Kupcho began making the overhaul before the ANA Inspiration in September. At the urging of her parents, Mike and Janet, Kupcho returned to the Ping irons she played in college. She added caddie Kyle Alexander to the bag and worked with Ed Oldham, her swing coach, to reshape her mental game. The team put together key thoughts which she relies on when she feels on the verge of losing her cool, that also keep her from dwelling on bad shots.
“It definitely was hard to make all those changes, but I have a really great team behind me,” Kupcho said. “My family supported me and just kept me on my toes.”
Success quickly followed. After the ANA, she recorded top-10s in her next two starts, including a runner-up at the ShopRite LPGA Classic.
Kupcho the professional was beginning to look more like Kupcho the amateur.
And she’s carried that success into 2021. Kupcho finished T-21 in her season debut. She followed that up with a runner-up finish at the LPGA Drive On Championship at Golden Ocala, where, ironically, the course features a number of tribute holes designed to look like Amen Corner.
Next week, 85 of the top female amateurs in the world will return to the site of Kupcho’s historic victory at the Augusta National Women’s Amateur. The event was canceled last year because of the coronavirus pandemic, so Kupcho remains a defending champion of sorts, although having foregone her amateur status when she joined the LPGA Tour in 2019. Looking back, nearly two years removed from her signature victory, it has given a deeper purpose to Kupcho’s life.
“After winning Augusta, that kind of became what I wanted to do, to bring light to help people pick up a club, because it’s a great game,” Kupcho said. “Especially during this time with social distancing.”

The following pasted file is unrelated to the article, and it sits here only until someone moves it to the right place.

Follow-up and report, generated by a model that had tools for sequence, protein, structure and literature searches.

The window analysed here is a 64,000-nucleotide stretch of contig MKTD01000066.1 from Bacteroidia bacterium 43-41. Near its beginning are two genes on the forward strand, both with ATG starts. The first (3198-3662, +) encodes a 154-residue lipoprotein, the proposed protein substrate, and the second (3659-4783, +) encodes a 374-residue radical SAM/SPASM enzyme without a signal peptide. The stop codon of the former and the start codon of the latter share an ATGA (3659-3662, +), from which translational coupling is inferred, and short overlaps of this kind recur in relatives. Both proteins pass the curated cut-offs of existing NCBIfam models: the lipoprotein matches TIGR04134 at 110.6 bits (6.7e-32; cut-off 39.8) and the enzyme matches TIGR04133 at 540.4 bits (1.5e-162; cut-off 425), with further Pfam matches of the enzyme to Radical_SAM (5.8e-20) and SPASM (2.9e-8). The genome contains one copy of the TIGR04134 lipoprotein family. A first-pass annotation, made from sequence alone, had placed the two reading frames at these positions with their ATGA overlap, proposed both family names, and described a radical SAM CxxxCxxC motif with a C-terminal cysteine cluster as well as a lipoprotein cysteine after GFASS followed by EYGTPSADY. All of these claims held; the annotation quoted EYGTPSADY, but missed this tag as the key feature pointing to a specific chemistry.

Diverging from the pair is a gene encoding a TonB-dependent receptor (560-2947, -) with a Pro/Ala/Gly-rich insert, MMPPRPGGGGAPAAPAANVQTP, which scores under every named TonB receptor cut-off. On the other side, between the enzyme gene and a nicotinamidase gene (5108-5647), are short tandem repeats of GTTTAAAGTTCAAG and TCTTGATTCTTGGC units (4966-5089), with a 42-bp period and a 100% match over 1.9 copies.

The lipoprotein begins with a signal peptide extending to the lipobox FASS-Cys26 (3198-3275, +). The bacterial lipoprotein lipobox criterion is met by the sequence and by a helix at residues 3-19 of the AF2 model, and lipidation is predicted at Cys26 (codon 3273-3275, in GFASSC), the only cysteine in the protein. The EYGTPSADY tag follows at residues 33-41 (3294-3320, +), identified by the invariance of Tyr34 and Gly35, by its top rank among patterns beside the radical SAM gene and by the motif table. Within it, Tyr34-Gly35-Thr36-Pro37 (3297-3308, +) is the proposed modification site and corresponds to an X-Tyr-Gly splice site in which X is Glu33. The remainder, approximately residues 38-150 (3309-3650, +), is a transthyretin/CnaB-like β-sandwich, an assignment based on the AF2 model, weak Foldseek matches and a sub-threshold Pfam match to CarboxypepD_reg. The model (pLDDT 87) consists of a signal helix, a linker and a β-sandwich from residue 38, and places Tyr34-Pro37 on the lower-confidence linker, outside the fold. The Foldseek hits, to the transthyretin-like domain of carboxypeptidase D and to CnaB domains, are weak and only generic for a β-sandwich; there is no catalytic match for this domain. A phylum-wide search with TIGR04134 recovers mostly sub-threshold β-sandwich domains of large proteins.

Kupcho hopes to grow the game by giving fans someone who is fun to watch. Someone as thrilling as the amateur who went toe-to-toe with Maria Fassi down the closing stretch to win at Augusta National. Not someone who is overly serious or too hard on herself.
“I know a lot of people don’t watch women’s golf,” Kupcho said. “I just [want to] get people to start watching and show that we’re exciting to watch, and we’ve got talent to do it as well.”
This year, Kupcho has a chance to entertain fans on the biggest stages in the game.
In 2021, the Olympics and Solheim Cup will be contested and Kupcho is hoping to qualify for both. In order to qualify for the Summer Olympic Games in Tokyo, Kupcho will need to be one of four Americans ranked inside the top 15 in the Rolex Rankings when qualifying ends on June 28. As of mid-March, Kupcho would qualify. Currently, she is ranked No. 12 in the world and the fourth-ranked American. She’s No. 11 in the Solheim Cup points standings.
“I have strong suits and weaknesses that I have to figure out and fix to play my best,” Kupcho said about trying to qualify for both teams. “I don’t know for sure either one of those will happen, but [I’m] just going [to go] out there and do my best to try.”
This week, the new, lighthearted version of Kupcho will be on full showcase as she makes her debut at the Kia Classic, which starts to ramp up the LPGA season. A less serious Kupcho is looking to continue to show she has serious game.